In 1740, at a society dinner in honour of the admiral, 'Rule Britannia' (see THE BRITANNIA) was performed for the first time, stirring up great national pride. Over time Portobello Lane became, of course, Portobello Road, one of the best-known London street names and the location of possibly the most famous street market.
After the end of the second world war there were many "rag and bone" men in the area who would sell goods on the market stalls. Such were the stupendous bargains to be found that it developed a reputation amongst those in the know as the place to find and buy antiques. As a result the antique trade developed, profiting often from amateurs who came to sell on a Saturday bringing useful stock which would be snapped up by the more knowledgeable professional dealers.
Nowadays in the road there are 30 individual antique markets which open at different times to allow in the crowd of buyers who move from one market to another. The Good Fairy Antique Market is the busiest market of them all and it is the first to open, raising its shutters every Saturday at 4 p.m. Many of the buyers are specialists who appreciate the fresh stock brought into the market each week. Later in the day crowds of tourists shuffle past the rows of pastel painted terraced cottages at the Notting Hill end of the road weaving slowly past the market stalls. The market has an extraordinary draw on people from far and near, fulfilling some kind of human need, presumably on an emotional level.
London Parks and Gardens– Free Entry
London Parks are the lungs of London and are famous for there beauty, history and serenity and are ideal for visitors to enjoy a picnic or just to chill out and enjoy nature and It's water features. To find the London Parks listed below (Which are Free to enter) just enter the name into a search engine.
● Alexander Park
● Barnard Park
● Battersea Park
● Bishop's Park
● Bonnington Gardens
● The Bothy
● Bushy Park
● Chelsea Physic Gardens
● College Farm
● Crystal Palace Park
● Dean's Park
● Dulwich Park
● Furnival Gardens
● Golden Square
● Golders Hill Park
● The Green Park
● Greenwich Park
● Gunnersbury Park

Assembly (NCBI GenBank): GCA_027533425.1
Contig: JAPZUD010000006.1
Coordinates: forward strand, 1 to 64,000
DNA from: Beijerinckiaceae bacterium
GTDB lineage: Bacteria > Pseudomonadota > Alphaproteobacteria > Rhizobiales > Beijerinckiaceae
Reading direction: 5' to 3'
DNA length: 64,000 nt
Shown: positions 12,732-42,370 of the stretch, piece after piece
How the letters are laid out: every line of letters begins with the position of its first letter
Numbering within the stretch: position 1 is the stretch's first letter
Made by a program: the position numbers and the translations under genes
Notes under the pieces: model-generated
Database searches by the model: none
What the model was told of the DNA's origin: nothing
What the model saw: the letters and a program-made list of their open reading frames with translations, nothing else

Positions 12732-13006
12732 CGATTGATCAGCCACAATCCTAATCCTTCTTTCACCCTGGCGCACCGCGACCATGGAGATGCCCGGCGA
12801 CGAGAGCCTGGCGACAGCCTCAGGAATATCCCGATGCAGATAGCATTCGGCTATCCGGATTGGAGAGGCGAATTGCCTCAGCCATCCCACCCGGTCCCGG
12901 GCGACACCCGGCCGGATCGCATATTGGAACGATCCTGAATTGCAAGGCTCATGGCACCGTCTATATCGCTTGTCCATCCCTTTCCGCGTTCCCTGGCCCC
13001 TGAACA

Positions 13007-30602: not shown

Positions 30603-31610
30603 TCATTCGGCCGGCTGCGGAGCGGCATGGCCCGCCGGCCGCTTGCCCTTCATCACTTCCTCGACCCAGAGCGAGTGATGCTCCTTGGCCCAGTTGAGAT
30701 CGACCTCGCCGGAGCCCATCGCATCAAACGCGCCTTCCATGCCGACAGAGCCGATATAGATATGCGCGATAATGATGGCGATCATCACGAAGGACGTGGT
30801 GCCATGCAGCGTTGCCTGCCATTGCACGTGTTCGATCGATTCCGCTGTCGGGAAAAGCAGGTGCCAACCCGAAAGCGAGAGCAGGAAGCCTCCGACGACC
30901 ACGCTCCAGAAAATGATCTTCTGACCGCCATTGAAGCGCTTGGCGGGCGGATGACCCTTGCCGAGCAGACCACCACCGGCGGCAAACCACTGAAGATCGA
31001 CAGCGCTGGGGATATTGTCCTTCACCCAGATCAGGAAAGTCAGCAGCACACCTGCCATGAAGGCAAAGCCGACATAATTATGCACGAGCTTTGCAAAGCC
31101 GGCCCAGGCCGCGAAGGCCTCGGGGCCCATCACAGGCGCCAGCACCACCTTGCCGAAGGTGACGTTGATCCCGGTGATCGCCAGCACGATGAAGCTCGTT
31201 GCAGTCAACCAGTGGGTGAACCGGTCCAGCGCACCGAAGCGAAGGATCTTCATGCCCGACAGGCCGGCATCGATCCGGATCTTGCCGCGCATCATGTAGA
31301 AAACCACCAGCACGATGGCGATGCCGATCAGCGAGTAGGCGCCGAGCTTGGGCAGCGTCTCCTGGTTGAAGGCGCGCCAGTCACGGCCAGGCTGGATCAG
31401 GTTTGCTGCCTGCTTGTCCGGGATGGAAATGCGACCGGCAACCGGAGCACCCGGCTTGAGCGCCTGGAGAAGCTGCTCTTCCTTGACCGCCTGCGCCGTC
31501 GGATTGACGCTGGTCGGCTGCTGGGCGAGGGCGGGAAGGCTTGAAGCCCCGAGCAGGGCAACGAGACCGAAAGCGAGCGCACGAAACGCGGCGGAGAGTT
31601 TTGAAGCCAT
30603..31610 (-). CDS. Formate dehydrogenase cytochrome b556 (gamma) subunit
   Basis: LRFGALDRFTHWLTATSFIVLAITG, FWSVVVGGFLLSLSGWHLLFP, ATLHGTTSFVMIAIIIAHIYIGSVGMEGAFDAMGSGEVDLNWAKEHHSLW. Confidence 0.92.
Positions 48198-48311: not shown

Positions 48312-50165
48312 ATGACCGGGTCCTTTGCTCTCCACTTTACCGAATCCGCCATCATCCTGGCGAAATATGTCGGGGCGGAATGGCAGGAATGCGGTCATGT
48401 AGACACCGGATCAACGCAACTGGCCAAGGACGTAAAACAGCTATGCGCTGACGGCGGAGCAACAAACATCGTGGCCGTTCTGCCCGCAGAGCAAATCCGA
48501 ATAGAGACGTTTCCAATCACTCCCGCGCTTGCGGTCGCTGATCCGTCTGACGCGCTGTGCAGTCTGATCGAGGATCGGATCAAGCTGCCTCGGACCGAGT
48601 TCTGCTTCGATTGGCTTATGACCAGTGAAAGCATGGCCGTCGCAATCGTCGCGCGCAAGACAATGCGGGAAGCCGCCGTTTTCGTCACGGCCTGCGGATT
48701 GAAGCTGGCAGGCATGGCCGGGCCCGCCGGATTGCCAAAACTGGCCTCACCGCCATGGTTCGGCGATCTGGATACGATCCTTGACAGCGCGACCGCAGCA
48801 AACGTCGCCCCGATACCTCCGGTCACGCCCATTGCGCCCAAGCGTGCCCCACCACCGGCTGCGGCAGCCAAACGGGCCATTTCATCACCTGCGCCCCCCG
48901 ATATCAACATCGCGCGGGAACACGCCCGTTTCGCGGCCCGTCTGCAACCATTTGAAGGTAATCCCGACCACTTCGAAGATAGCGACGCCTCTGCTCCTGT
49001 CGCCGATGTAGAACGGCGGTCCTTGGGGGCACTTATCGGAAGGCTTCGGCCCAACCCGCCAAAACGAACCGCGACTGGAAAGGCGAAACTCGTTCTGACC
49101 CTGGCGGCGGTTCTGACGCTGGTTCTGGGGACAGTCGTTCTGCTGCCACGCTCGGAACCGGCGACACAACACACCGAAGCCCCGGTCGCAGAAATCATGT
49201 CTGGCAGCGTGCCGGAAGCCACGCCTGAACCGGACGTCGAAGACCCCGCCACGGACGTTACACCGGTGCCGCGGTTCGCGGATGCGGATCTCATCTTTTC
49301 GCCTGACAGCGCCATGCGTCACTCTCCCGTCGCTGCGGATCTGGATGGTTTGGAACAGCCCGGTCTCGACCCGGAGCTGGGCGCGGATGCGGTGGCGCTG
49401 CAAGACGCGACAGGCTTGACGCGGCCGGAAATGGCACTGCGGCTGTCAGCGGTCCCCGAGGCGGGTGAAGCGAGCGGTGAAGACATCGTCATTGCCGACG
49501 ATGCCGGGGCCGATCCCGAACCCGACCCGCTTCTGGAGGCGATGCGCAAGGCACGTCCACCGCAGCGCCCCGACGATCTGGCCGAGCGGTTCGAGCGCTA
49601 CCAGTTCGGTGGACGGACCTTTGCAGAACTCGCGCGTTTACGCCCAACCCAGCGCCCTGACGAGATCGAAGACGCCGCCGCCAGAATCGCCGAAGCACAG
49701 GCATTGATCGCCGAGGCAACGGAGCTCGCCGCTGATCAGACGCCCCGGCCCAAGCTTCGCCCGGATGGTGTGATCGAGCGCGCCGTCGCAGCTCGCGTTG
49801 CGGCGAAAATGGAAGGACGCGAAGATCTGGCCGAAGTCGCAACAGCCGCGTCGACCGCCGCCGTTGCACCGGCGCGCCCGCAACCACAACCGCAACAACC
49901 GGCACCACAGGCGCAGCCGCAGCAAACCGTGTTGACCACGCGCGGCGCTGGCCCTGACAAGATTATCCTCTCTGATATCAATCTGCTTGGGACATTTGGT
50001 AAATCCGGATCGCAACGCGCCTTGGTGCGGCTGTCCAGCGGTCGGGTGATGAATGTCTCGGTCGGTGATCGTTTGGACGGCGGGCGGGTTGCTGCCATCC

● Gunnerbury Triangle
● Hainault Forest Country Park
● Hampstead Heath
● Hannover Square
● Holland Park
● Hoxton Square
● Hyde Park and Kensington Gardens
● Inner Temple
● Island Gardens
● Kew Gardens
● Lee Valley Regional Park
● Leicester Square
● Lloyd Park
● Phoenix Gardens
● Pub on The Park
● Regent's Park and Primrose Hill
● Richmond Park
● Roots and Shoots
● Royal Botanical Gardens Kew
● Russell Square
● Victoria Embankment Gardens
● Victoria Park
● Saint James Park
● Streatham Common
● Syon Park
● Tavistock Square
● Temple Gardens
● Tibetan Peace Garden
● Tower Hamlets Cemetery Park
● Trent Park
● Waterloo Place
● Waterworks Nature Reserve and Golf Centre
● Wimbledon Common
Invasion of Lovebirds and Parrots in London
While growing up in the 1970's I remember watching on TV that famous film by Alfred Hitchcock called 'The Birds' where Birds swarmed in large flocks and attacked people.
It now seems London is being invaded by large flocks of tame Lovebirds and Parrots!!!
London green spaces are famed for their unusual wildlife and I recently heard of flocks of Lovebirds over London. Lovebirds have been pets for over 100 years and have been seen in London, in flocks of upto 3,000. Parks and gardens in the leafy London suburbs have been adopted as a preferred habitat by birds that are native to southern Asia.
Escaped parakeets have been spotted nesting in this country since the 19th Century.
Even though there was a wild population in the 1960s, the numbers remained very low through to the mid-1990s, when the population appeared to start increasing more rapidly.
In the Surrey stockbroker belt, a single sports ground is believed to be home to about 3,000 parrots. They are mainly found just west of London, Surrey and parts of Kent.